The next time anyone who had been in Fillerys that afternoon would get an actual sighting of the rival mob would be on their television screens the following week. That Saturday’s opposition turned up in all their bad-trainered glory on one of those Donal-MacIntyre-suckholes-the-police CCTV programmes, looking in the main as badly dressed in 2009 as they had been well-dressed back in 1984. Not that many of the original eighties participants would have been present. More men old enough to know better and old enough to have been involved first-time round but quite possibly weren’t, acting up for the benefit of the cameras. A programme that, irony-of-ironies, carried an Adidas advertisement during one of the commercial breaks. Not quite as subliminal in its placement as the Fred Perry and Stanley Tools advertising hoardings around Goodison Park in the late seventies but there you go. That’s casual 2009 for you. Where even fucking Hollyoaks is carrying a football hooligan storyline (Wrexham Frontline lad dies laughing on Mold Road at some Chester beaut’s carefully-sculptured hairdo). Where every impressionable footsoldier believes everything they read on internet messageboards and in Stoke City hooligan books and blatant lies become accepted as the gospel truth. Where men who definitely weren’t there first time around attempt to regale lads who actually were with their tales of Chelsea, Arsenal and Leeds away, sounding more like an audition for woeful nonsense like “It’s a Casual Life”. And victory in a local derby is celebrated by fighting amongst yourselves ….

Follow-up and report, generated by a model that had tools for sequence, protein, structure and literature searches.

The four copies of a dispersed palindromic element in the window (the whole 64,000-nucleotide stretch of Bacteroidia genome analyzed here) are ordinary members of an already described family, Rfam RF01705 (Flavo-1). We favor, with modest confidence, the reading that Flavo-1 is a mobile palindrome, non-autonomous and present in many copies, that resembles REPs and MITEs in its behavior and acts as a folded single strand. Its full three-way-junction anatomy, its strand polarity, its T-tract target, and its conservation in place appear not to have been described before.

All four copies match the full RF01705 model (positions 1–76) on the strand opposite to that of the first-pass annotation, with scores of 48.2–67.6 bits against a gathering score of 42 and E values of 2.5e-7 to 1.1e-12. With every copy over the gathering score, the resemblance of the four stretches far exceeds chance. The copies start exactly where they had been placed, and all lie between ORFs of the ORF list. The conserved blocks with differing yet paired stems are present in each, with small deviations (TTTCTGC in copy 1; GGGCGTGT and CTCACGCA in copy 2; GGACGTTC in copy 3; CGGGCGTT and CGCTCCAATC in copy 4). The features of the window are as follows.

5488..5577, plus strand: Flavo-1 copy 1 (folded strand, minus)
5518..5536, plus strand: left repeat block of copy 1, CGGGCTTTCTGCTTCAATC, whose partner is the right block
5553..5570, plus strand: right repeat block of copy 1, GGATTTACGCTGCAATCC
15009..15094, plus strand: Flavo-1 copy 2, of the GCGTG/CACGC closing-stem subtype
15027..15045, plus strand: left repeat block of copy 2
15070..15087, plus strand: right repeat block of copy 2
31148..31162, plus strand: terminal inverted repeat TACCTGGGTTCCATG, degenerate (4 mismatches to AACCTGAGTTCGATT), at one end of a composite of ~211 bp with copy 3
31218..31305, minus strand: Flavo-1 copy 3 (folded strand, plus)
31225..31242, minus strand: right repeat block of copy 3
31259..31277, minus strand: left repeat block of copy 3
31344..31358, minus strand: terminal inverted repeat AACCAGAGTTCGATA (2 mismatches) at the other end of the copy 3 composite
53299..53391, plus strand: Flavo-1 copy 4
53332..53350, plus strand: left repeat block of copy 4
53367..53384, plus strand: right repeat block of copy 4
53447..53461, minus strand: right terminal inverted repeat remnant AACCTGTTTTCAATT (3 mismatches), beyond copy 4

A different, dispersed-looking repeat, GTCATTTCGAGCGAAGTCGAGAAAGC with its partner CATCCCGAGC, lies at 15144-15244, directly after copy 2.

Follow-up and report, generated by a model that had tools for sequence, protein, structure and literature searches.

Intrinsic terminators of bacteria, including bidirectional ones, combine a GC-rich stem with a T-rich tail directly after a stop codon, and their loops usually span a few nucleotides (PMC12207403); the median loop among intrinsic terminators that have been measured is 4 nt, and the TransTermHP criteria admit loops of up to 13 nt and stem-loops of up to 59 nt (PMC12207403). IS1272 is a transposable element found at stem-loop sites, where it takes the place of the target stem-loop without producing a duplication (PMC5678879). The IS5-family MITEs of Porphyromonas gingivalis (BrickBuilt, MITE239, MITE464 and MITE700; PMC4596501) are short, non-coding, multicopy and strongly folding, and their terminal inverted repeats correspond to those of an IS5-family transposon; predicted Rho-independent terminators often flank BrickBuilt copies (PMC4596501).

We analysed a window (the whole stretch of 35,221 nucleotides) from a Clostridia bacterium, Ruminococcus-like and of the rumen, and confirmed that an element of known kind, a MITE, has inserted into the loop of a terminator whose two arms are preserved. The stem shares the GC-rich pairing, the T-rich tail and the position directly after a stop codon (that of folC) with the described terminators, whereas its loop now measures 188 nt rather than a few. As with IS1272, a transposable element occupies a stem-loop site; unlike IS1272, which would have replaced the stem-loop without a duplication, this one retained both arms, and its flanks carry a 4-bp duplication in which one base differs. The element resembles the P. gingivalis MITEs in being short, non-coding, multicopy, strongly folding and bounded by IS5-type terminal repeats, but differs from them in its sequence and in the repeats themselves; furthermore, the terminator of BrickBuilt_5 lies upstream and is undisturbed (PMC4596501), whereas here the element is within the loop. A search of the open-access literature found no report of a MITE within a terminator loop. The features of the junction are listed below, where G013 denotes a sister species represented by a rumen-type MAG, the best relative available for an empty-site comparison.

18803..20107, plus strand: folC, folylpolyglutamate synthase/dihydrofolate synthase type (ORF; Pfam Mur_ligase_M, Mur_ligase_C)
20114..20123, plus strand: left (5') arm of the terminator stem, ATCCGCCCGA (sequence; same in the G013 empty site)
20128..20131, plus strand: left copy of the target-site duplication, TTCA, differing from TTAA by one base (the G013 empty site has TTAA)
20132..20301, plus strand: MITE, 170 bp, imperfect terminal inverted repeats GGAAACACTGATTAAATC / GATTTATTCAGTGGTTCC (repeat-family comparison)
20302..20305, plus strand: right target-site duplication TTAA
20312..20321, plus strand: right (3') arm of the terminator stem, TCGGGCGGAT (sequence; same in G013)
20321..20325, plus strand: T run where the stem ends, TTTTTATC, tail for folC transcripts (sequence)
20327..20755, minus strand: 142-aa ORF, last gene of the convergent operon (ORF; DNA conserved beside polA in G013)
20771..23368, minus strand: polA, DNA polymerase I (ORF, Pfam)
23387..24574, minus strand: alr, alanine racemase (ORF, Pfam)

Two weeks later, the next home fixture for DJ and Bernard saw 400 Harry the Dog and surgical-mask-free Millwall herded from train station to ground and back by over 600 on-duty constabulary. Later that same day, two British soldiers were shot dead at a Northern Ireland army base by the Real IRA. The line in Kevin Sampson’s seminal 1983 Face terrace fashion article about football violence being as curable a disease as the troubles in Ulster immediately sprang to mind. Except that despite the efforts of some bigoted diehards on both sides of the sectarian divide who refuse to accept that Northern Ireland has moved on, the province has finally has done so. Nearly twenty-six years after Sampson’s comparison, it is football hooliganism, its recent converts  - young and old – and the addicted refusniks who cannot give it up that are stuck - quite literally - in No Surrender mode …..